Tantric Tennis…5:53

Stupendous. Pick another word from the dictionary of excellence and it will fall short of doing justice to what the world’s two best tennis players served up for an astonishing five hours and 53 minutes in the final of the 2012 Australian Open…It was the 100th anniversary of this tournament, and Novak Djokovic, who somehow managed to hold on to his crown, celebrated in a manner that will be talked of down the ages.

Djokovic beat Rafael Nadal — his predecessor as world No. 1 — 5-7, 6-4, 6-2, 6-7(5), 7-5.

The fact that there were still well more than 14,000 people in Rod Laver Arena at 1:40 on a Monday morning says everything one needs to know about just how riveting this duel was; how extraordinary the level of skill and commitment from both men as they refused to bow to whatever the scoreboard was saying at the time and fought on, giving every last drop of energy in their bodies.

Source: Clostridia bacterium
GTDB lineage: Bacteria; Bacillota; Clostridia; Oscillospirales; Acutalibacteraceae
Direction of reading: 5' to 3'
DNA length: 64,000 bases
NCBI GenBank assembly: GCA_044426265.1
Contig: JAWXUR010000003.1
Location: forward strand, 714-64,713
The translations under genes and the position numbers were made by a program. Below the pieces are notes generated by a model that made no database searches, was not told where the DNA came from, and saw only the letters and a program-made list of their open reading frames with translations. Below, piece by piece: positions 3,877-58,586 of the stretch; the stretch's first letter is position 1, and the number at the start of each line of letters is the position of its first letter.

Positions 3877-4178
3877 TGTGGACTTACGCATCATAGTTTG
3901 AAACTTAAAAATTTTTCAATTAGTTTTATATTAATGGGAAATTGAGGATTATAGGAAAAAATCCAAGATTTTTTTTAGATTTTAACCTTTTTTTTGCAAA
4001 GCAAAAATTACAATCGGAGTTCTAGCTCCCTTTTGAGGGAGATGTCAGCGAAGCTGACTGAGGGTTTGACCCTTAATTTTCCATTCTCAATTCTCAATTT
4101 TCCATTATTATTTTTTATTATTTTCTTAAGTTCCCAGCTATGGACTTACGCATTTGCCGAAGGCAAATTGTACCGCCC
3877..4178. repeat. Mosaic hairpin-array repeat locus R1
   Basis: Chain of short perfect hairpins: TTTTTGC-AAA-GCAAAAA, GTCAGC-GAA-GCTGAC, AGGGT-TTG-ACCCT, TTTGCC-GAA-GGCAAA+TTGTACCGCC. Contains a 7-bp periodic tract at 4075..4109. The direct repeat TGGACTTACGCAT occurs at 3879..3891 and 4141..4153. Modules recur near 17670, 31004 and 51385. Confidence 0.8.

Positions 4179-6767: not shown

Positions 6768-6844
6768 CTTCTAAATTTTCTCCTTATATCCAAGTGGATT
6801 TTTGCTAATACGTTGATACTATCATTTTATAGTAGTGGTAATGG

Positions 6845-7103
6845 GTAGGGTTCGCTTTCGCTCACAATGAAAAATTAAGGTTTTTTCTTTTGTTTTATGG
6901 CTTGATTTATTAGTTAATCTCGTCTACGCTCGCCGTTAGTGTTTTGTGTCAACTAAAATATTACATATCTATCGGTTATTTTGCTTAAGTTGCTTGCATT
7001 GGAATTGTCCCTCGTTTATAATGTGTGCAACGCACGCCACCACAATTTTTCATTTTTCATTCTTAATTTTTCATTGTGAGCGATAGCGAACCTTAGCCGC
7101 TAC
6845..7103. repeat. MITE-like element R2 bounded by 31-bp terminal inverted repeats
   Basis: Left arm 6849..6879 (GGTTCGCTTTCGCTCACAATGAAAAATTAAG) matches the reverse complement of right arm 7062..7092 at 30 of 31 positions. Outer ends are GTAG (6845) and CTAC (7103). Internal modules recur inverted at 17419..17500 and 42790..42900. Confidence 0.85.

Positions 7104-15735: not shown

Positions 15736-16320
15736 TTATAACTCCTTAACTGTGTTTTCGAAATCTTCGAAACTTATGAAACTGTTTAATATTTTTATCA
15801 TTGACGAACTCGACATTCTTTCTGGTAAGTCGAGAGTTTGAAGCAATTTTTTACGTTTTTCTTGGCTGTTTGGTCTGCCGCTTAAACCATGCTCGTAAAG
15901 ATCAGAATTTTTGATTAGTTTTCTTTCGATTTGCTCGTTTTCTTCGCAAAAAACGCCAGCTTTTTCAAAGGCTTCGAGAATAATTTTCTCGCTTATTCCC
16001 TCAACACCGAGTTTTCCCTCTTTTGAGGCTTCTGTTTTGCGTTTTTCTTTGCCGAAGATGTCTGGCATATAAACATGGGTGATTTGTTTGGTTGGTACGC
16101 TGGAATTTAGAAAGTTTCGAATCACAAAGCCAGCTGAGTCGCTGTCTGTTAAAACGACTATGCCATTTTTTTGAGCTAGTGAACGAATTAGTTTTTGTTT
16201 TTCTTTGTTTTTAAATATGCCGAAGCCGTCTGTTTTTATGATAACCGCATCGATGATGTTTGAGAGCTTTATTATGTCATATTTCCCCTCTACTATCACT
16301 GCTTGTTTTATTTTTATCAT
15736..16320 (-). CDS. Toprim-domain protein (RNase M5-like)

For Djokovic to have prevailed — after needing four hours and 50 minutes to beat Andy Murray in Friday’s semifinal — makes him superhuman.


Husky Men drop one in Nevada (Friday Night)

Deonte Burton scored 31 points, including a game-tying 3-pointer late in regulation and eight of Nevada’s 10 points in overtime, as the Wolf Pack defeated Washington 76-73 on Friday night.

Nevada (5-3) trailed 65-60 with 34 seconds remaining in regulation.

Malik Story, who finished with 13 points, hit a 3-pointer with 16.4 seconds left and, after a Washington free throw, Burton made his shot behind the arc with 4.3 seconds to go.

Terrance Ross, who led Washington (4-2) with 18 points, scored the first four points in overtime before Burton registered a three-point play and hit a 3-pointer to put the Wolf Pack ahead 72-70 with 1:39 left.

Nevada led 74-71 with 45 seconds left when Ross cut the lead to a point with a short jumper.

Burton fed Kevin Panzer for a baseline jumper with 18.9 seconds remaining to seal the win.

Olek Czyz had 10 points for Nevada.